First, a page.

Federal banking regulators have put banking organizations on notice about their crypto activities, and bitcoin could be heading for a violent swing.
The new year got off to a shaky start for the crypto sector, with three federal agencies coming together to issue a stern warning on the very first working day of 2023.
The board of governors of the Federal Reserve System, the Federal Deposit Insurance Corp. and the Office of the Comptroller of the Currency issued their first ever joint warning to banks over the risks associated with the cryptocurrency market.
The agencies said they were closely monitoring the crypto activities of banking organizations.
“It seems that crypto regulations are emerging from global markets,” Winston Ma, a New York University Law School adjunct professor. “Since 2022, the European Union has been stepping up rules in this space and has pushed for a global approach. The EU’s Markets in Crypto-Assets is the most comprehensive regulatory framework to date, and it is expected to enter into force in early 2023.”
In addition, he said, the collapse of trading platform FTX two months ago, which sent shockwaves through the crypto industry, may further stimulate U.S. regulators to accelerate the related lawmaking.
‘Crypto Needs a Global Approach’
“Crypto is like climate change in that it needs a global approach,” said Ma, author of Blockchain and Web3: Building the Cryptocurrency, Privacy, and Security Foundations of the Metaverse.
Sam Bankman-Fried, the founder and CEO of FTX, on Jan. 3 pleaded not guilty to a series of criminal charges including allegations of fraud, filed against him by the Justice Department during a hearing in U.S. District Court in New York.
“With the other key people at FTX/Alameda already having cut deals with prosecutors in exchange for their testimony against him as the mastermind, SBF’s lawyers probably advised that there was little advantage at this point of pleading guilty as there would be no deal offered,” said David Lesperance, managing partner of immigration and tax adviser with Lesperance & Associates.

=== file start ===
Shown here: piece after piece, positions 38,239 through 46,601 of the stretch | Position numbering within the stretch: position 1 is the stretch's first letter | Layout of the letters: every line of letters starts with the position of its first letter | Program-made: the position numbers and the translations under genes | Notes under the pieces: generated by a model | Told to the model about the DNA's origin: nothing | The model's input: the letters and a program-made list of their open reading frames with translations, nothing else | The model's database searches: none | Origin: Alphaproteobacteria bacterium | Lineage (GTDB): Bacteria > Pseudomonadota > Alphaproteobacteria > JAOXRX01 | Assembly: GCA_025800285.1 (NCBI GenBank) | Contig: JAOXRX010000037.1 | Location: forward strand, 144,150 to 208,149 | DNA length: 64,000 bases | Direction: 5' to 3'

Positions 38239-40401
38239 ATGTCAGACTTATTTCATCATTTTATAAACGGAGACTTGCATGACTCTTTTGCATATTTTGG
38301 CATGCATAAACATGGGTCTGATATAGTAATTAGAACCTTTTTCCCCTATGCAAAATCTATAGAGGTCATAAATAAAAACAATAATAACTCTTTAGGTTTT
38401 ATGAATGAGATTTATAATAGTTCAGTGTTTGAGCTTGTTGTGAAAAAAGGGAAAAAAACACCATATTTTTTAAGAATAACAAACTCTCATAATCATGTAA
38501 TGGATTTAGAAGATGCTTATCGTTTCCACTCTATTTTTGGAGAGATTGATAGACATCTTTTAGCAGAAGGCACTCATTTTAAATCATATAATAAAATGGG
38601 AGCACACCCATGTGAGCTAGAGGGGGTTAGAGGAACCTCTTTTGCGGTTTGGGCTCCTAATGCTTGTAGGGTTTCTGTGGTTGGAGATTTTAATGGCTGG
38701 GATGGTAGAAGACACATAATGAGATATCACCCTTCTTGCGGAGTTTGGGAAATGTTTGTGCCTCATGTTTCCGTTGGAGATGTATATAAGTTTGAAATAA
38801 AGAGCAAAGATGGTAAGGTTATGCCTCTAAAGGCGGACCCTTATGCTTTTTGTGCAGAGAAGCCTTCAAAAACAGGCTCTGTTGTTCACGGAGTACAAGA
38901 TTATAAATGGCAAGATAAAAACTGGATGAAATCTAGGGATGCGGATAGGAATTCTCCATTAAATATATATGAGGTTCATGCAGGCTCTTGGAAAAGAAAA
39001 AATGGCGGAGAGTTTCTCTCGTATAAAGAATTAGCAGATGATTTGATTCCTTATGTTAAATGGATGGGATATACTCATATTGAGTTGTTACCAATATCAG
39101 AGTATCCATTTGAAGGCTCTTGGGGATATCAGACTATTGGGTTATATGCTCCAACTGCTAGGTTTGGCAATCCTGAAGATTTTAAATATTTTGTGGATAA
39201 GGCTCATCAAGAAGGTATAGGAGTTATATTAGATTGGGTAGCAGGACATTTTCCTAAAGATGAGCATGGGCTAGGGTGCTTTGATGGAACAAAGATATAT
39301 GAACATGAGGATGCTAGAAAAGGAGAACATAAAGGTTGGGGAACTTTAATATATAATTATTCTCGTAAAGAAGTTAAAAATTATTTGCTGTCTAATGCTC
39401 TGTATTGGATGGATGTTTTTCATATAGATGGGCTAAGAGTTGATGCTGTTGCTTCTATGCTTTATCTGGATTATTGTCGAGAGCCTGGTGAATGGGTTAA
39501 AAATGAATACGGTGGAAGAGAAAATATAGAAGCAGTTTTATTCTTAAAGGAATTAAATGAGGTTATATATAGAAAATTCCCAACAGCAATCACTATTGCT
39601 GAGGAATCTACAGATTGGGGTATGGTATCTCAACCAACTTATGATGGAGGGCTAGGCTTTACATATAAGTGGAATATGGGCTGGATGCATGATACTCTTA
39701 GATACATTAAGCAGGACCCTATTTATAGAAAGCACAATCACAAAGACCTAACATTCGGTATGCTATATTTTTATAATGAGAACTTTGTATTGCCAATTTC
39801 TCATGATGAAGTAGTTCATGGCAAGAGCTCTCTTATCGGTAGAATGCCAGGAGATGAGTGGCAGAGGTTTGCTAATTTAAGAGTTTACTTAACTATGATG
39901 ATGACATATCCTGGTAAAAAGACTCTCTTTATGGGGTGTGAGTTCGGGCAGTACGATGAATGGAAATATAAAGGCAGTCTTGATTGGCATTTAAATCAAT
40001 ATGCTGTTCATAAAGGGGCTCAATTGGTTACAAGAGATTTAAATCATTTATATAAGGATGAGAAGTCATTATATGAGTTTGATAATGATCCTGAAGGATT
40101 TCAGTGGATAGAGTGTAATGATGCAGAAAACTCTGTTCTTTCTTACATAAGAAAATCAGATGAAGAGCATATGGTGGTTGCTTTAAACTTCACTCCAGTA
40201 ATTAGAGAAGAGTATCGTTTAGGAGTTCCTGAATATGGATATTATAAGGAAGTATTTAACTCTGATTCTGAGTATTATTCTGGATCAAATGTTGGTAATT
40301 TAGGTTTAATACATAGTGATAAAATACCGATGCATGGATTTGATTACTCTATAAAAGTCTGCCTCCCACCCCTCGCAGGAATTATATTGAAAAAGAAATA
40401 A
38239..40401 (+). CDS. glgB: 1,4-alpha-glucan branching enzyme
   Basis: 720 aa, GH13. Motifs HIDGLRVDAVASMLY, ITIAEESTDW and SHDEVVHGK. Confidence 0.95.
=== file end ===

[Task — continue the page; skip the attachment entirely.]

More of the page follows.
Lesperance said the next step will be pretrial discovery, which will allow SBF’s lawyers to see if there are weaknesses in the case against him ,such as a lack of documentation, email or texts, which might raise a question of reasonable doubt.
“If such weaknesses exist, then they are in a better position to negotiate with prosecutors of a guilty plea in exchange for lesser charges or an agreed proposal to a judge for a lesser sentence,” he said.
Lesperance said U.S. lawsuits against cryptocurrency exchanges, digital wallet providers, and mobile service companies following cyberattacks reached a high in 2022 as hacking victims attempted to recoup their losses
“Most notably approximately half are claiming losses over $400,000,” he said.
Bitcoin Could Break Violently Up or Down
Bitcoin (~BTCUSD) was up slightly to $16,852.17 on Jan. 5, according to data firm CoinGecko. Ether, the native currency of the ethereum blockchain, was flat at $1,250.21, while dogecoin was off modestly to $0.072712.
“Bitcoin has been trading like a stablecoin — mostly in the $16,000 to $17,000 range — since the collapse of FTX almost two months ago,” said Frank Corva, senior analyst for digital assets at Finder. “This likely won’t be the case for much longer, as the price of bitcoin has a tendency to make significant moves to the upside or downside after consolidating in a tight range for some weeks.”
“We may see the price BTC violently break up or down by Jan. 8, though,” he added.
Corva said that Cameron Winklevoss, one of the owners of crypto exchange Gemini, asked Digital Currency Group CEO Barry Silbert in an open letter to help Gemini resolve the issue around the almost $1 billion in halted redemptions for 340,000 customers who were lending digital assets via Gemini’s Earn program by this date.
“Gemini had outsourced the yield generation for its Earn program to Genesis, a crypto market-making company under the DCG umbrella,” he said, “Genesis is rumored to be on the brink of bankruptcy and Silbert has said very little about whether or not he has the funds to keep Genesis solvent.”
[The Wall Street Journal on Jan. 5 reported that Genesis is evaluating options, including a Chapter 11 bankruptcy filing.]
Corva said that many in the crypto space are hoping that the carnage seen in crypto markets in 2022 won’t extend into 2023, “but if Silbert doesn’t keep Genesis afloat and make Gemini Earn users whole, we’ll likely see BTC stop chopping sideways and break to the downside.”